Medical device makers to taste bitter pill of consolidation
China's fast-growing medical equipment market is about to undergo a period of consolidation which is likely to see a host of manufacturers going out of business, according to a KPMG report.
'A lot of Chinese medical device companies will not be around in a few years because they will have either gone under or merged with other firms,' said Thomas Stanley, a director of KPMG.
The prediction comes following last year's introduction of Good Manufacturing Practices (GMP) - a set of safety and quality requirements - which will be the industry standard by next year.
The medical equipment sector was likely to meet the same fate as the country's pharmaceutical industry where GMP had been implemented over the past five years, Mr Stanley said. During that period, a third of the country's drug firms failed to meet the new standards and ceased production.
'We may see a similar number exit the medical device market,' he said.
China has 9,000 medical equipment manufacturers, most of them operating at the low-end of the market and supplying basic devices such as biochemistry analysers. Foreign manufacturers dominate the high end.
From 2001 to 2003, China became the world's biggest importer of medical equipment as the value of imports almost doubled to US$2.2 billion, accounting for 25 per cent of the mainland market.
Sales of medical equipment are forecast to reach US$17 billion in 2008 up from US$9 billion in 2003, at an annual growth rate of 13.6 per cent, according to KPMG. One key driver is the country's ageing population - the number of people aged over 65 is expected to reach nearly 200 million by 2025 and the demand for equipment such as pacemakers is forecast to soar.
'China's medical equipment market is growing much faster than developed economies, due to a number of factors such as its ageing population and rising incomes,' Mr Stanley said.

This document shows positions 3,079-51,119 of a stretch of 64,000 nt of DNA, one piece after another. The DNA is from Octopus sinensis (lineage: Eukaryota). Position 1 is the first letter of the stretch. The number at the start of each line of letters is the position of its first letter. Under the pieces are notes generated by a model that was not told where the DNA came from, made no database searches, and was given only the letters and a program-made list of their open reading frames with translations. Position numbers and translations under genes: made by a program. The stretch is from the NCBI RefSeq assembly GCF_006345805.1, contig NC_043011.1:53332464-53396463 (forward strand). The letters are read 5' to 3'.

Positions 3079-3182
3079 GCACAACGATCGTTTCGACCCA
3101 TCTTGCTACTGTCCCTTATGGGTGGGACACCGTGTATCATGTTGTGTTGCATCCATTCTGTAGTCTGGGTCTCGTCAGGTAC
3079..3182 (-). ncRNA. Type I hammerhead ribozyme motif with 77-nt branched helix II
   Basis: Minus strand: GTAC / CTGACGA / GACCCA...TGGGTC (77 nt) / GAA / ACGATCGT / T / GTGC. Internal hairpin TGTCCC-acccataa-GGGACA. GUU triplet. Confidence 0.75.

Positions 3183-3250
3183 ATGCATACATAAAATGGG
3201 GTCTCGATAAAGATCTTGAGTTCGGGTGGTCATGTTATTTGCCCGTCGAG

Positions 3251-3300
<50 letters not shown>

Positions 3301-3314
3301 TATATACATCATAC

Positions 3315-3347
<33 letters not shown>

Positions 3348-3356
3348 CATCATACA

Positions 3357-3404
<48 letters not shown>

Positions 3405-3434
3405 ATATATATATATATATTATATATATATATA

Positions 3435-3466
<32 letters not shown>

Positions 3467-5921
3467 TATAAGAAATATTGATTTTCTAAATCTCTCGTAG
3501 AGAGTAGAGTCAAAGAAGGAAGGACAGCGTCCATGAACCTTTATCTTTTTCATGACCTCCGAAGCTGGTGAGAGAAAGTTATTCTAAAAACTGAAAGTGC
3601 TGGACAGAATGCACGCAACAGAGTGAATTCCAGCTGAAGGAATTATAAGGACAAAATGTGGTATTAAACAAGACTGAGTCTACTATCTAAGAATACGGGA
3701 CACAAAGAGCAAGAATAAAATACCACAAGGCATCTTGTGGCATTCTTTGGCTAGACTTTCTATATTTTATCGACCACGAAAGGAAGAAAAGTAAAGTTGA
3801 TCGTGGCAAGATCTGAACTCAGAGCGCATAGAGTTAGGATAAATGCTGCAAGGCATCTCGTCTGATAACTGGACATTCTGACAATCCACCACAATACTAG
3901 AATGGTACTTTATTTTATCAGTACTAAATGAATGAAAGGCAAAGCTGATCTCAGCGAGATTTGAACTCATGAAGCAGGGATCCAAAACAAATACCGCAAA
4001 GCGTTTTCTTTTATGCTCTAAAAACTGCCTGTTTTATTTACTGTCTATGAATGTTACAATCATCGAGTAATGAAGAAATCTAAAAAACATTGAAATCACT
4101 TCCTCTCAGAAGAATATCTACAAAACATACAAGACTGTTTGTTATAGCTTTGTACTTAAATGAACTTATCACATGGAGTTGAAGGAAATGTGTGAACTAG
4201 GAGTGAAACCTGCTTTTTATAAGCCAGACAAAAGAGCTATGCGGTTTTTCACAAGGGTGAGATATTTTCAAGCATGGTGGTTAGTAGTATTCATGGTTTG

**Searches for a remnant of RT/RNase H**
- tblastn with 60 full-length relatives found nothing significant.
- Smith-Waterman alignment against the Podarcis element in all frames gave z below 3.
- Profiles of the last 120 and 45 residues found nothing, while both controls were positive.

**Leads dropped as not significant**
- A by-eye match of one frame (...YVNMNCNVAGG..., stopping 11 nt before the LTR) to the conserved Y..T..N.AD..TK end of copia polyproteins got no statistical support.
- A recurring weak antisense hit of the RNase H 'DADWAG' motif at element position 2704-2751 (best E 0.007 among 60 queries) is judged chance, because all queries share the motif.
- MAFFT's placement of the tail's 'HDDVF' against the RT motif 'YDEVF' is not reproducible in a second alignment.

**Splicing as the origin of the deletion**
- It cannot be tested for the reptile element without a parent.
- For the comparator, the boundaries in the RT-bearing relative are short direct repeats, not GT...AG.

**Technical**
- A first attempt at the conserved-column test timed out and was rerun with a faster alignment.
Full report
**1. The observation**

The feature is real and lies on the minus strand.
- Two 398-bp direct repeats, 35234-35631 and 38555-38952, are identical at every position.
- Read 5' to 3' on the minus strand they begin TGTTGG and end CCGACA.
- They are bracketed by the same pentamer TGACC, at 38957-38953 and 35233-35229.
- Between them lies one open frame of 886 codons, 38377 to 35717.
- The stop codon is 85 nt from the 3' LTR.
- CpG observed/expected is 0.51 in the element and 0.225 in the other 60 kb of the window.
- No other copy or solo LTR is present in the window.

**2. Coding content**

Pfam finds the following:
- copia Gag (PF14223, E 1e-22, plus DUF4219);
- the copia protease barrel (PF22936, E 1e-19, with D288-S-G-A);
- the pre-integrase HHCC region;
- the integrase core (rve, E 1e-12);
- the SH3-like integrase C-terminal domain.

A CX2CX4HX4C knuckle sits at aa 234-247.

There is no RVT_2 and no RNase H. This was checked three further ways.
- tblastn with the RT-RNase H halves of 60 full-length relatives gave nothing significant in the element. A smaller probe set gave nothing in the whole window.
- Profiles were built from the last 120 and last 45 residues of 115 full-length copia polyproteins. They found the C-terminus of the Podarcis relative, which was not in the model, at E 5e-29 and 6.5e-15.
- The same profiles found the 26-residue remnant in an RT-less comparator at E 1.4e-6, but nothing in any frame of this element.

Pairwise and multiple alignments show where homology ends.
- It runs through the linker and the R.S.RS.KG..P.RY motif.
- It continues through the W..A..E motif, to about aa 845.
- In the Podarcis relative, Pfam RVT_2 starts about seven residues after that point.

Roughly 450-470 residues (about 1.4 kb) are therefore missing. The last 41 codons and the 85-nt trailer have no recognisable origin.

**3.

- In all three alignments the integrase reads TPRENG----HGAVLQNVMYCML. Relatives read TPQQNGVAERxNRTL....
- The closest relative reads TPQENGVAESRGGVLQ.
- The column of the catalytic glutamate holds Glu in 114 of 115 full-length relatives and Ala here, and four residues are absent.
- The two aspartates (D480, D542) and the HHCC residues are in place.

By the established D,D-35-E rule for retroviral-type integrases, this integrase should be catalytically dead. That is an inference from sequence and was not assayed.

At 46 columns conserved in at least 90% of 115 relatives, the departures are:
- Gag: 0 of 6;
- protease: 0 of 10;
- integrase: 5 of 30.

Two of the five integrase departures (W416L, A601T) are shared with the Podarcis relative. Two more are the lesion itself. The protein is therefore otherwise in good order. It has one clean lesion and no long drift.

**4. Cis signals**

However, China accounts for only 2 per cent of the world medical equipment market, compared with 41 per cent for the United States, Europe's 27 per cent and Japan's 14 per cent.
The mainland has 67,000 hospitals, of vastly differing quality. At the top end are Class III hospitals which import the most advanced equipment, such as CAT and MRI scanners. A Class III hospital in Shanghai imported US$6 million of equipment in 2003 while the budget for a small rural hospital would be US$25,000, according to the KPMG report.
However, the portion of Class III hospitals is small, presenting limited opportunities for the high-end market.
The mid-range sector offered the most opportunities, with relatively advanced equipment being sold at competitive prices, including products such as emergency care ventilators, Mr Stanley said.
'The mid-range sector is going to be the battleground. The high-end has been lucrative but is not the bulk of the market. In the mid-range market, we'll see both foreign and local firms active, with foreign firms tailoring their products to be more competitively priced, while Chinese companies will acquire technology to shift to the higher end.'
The mid-range market had a shortfall of suitable suppliers, as many foreign firms offered products that were too expensive while most local firms lacked technology, Mr Stanley said.
He predicted that only a 'small number' of mainland companies would succeed as there was a 'shortage of quality Chinese companies worthy of being acquired by foreign firms seeking to expand'.
'Foreign firms may need to rethink product design and pricing to make sure they are competitive in the Chinese market,' he said.
US giant General Electric plans to lower costs and product prices by making China its global production centre for medical devices, having established a US$26 million medical systems industrial park in the country in 2003.
Chinese firms such as Shandong Weigao Group Medical Polymer Products are trying to move up from the low-end to the mid-range market.
'We plan to upgrade our products to grab China's high-end market. Our competition is mainly with foreign firms. We compete on price. Our injection syringes are cheaper [than foreign ones] by 20 to 40 per cent,' vice-chairman Zhang Huawei said.
'Our competitive advantage is we understand local conditions, including Chinese health laws and polices.'
Hong Kong-listed Weigao, a mainland producer of single-use medical appliances is looking at foreign partnerships to acquire technology.
'We are too small compared with the biggest US firms and cannot surpass them,' Mr Zhang said.
'The concern over infectious diseases such as Sars, bird flu and AIDs is an opportunity for us, as it creates greater awareness of the need for our products.'
Equipped to cope
China has more than 67,000 hospitals
1,000 Class III hospitals - 200 to 500 beds, well equipped with advanced imported medical devices
5,500 Class II hospitals - more than 100 beds, equipped with imported medical devices
Most of the remainder are non-graded hospitals in rural areas, with fewer than 20 beds and typically poorly equipped